When the Bank of Japan announced on October 31, 2014, that it would increase the scale of QQE to ¥80 trillion annually, it noted the usual surfeit words that have clearly been passed around to everyone within network connectivity of the central axis of orthodox economics. You can honestly close your eyes and have someone read aloud the text and you would be very hard pressed, omitting specific references, to determine which central bank or nation it came from. All the buzzwords and phrases were there, including: “continued to recover moderately”, “above its potential”, “temporary weakness” that had “started to wane”, and the “decline in crude oil prices will have positive effects on economic activity.”
From all that you might ask yourself why would the BoJ need more QQE when its own argument put forth suggests exactly the opposite. Such contradictions are scarcely the exceptions, as the entire idea is itself at odds with itself. Apparently the only true economic danger in Japan, as elsewhere, is not the actual economy (which is always terrific or just about to be) but the evil, dreaded “deflationary mindsight.” So the BoJ upped its ante in case Japanese people start thinking unhappily about what QQE might not be able to do with, apparently, no real basis for them to actually think that way. Thus is the treasure of monetarism as it applies “forward guidance” and the Krugman version of “credibly promise to be irresponsible” as if nobody should notice anything but the intended happy ending. It really is the monetary equivalent of “the beatings will continue until morale improves.”
But Japanese observers, if not the Japanese themselves (who have shown a great deal of apathetic complacency even recently in sort of supporting Abe), have already noticed the broken record. It even goes back to the original QE in March 2001 when the BoJ explicitly gave much the same goals for that world’s first monetary outbreak. Reaching for something they termed the “time-axis” effect, the BoJ fully expected that reducing the rates on longer-term instruments would have a direct and opposite effect on inflationary expectations; so long as that action would continue until rates, of their own, began to rise and signal an end to the “deflationary mindset” (Krugman’s credible irresponsibility). Little attention was paid to side effects, theoretical and otherwise, including a big one right from the outset – if QE worked, or even was taken to have that potential, then bond investors would already anticipate higher interest rates from the start and therefore undermine QE before any “mindset” was incapacitated by the flooding.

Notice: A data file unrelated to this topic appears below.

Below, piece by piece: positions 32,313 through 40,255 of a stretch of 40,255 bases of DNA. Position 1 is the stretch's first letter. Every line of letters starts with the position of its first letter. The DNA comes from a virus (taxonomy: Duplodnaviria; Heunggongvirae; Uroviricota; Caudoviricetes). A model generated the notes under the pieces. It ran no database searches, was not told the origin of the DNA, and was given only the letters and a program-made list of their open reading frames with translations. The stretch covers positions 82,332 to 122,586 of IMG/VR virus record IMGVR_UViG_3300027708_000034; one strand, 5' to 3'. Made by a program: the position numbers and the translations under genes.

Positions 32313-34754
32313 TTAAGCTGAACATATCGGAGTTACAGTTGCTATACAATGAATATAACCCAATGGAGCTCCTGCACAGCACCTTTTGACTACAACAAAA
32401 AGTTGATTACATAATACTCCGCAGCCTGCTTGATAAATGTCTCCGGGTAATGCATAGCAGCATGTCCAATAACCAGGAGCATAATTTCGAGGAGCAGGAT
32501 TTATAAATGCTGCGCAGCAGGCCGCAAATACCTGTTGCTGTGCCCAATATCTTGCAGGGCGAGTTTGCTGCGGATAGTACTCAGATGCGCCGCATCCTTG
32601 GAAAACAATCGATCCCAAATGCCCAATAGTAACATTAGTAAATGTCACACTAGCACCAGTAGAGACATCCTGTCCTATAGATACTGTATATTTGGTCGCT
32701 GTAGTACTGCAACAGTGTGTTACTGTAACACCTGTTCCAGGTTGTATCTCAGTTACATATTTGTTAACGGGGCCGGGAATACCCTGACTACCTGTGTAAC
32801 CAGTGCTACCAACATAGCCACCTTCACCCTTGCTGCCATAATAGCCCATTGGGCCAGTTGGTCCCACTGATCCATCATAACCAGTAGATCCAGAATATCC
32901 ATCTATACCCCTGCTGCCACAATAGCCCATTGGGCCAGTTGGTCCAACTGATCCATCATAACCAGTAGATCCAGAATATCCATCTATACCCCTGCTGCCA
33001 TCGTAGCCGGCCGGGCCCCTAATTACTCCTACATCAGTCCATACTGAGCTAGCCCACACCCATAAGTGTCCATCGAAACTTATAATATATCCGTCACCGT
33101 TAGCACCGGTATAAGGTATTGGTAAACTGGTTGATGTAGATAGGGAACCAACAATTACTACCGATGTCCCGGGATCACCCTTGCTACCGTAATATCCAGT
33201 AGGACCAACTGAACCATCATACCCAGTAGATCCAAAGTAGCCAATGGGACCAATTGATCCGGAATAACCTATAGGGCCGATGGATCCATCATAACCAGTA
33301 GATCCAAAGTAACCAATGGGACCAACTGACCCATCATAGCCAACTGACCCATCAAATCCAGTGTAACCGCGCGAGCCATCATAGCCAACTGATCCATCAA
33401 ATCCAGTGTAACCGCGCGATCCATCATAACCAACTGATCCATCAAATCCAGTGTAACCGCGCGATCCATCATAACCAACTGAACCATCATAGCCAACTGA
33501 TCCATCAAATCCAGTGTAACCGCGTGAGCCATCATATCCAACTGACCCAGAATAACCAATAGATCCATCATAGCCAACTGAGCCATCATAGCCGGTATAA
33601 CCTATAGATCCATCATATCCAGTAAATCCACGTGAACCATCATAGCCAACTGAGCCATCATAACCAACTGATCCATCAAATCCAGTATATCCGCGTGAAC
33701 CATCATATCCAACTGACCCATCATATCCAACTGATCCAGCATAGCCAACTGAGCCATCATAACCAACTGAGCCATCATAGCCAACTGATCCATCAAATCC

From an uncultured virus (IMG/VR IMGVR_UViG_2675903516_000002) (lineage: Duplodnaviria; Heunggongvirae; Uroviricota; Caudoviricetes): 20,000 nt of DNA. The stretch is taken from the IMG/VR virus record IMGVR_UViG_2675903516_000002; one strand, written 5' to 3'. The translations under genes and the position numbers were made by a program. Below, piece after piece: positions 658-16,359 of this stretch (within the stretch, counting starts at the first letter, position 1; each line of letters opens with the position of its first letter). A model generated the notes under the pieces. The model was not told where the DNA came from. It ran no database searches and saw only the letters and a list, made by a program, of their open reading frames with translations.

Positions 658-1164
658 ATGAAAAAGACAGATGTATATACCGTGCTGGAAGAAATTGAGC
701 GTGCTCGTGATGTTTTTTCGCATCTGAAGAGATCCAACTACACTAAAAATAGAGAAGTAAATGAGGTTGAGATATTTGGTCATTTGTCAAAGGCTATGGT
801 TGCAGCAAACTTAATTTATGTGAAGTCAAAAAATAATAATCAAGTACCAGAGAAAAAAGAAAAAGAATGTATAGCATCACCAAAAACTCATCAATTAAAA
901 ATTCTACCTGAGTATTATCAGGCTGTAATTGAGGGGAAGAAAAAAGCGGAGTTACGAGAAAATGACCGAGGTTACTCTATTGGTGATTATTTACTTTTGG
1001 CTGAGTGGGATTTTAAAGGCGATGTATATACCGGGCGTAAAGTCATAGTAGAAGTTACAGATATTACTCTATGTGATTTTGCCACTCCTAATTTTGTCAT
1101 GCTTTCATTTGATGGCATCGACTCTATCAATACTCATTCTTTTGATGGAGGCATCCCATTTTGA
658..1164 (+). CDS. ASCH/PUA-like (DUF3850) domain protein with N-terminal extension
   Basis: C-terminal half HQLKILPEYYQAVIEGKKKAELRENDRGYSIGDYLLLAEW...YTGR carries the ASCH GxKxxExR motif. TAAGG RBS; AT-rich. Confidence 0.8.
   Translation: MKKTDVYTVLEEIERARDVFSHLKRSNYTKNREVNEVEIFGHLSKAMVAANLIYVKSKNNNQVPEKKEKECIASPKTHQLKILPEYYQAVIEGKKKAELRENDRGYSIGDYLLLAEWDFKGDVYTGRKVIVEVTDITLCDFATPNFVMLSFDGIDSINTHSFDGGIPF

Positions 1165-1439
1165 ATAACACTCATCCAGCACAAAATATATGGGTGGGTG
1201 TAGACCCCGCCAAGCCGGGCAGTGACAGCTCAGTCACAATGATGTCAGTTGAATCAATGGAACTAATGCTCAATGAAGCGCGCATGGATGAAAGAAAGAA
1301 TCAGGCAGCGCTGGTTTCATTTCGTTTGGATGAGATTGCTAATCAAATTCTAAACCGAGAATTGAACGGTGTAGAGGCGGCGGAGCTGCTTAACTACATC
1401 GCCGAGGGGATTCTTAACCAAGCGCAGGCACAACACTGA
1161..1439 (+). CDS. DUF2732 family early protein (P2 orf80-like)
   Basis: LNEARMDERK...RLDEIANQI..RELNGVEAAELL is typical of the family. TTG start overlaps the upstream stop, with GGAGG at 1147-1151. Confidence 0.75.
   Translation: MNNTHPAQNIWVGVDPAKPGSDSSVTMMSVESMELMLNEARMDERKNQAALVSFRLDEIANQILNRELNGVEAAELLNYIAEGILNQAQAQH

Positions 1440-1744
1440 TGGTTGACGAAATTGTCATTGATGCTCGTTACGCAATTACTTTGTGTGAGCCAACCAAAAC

There was also the small matter of bank reserves having little actual meaning apart from signaling only what the BoJ was operationally doing. There is quite a ways between bank reserves and actual and intended action in the “market” as the wholesale morass can make plain on any occasion. Indeed, while the BoJ in ending QE in 2006 believed it had worked there is a decidedly mixed academic verdict; which is really quite damning since these are the very people who believe in it in the first place and in many cases went looking for that view. Even those “studies” that found some regressive correlations limit their conclusions to “market” or price effects rather than actively trying to overcome the burden of this: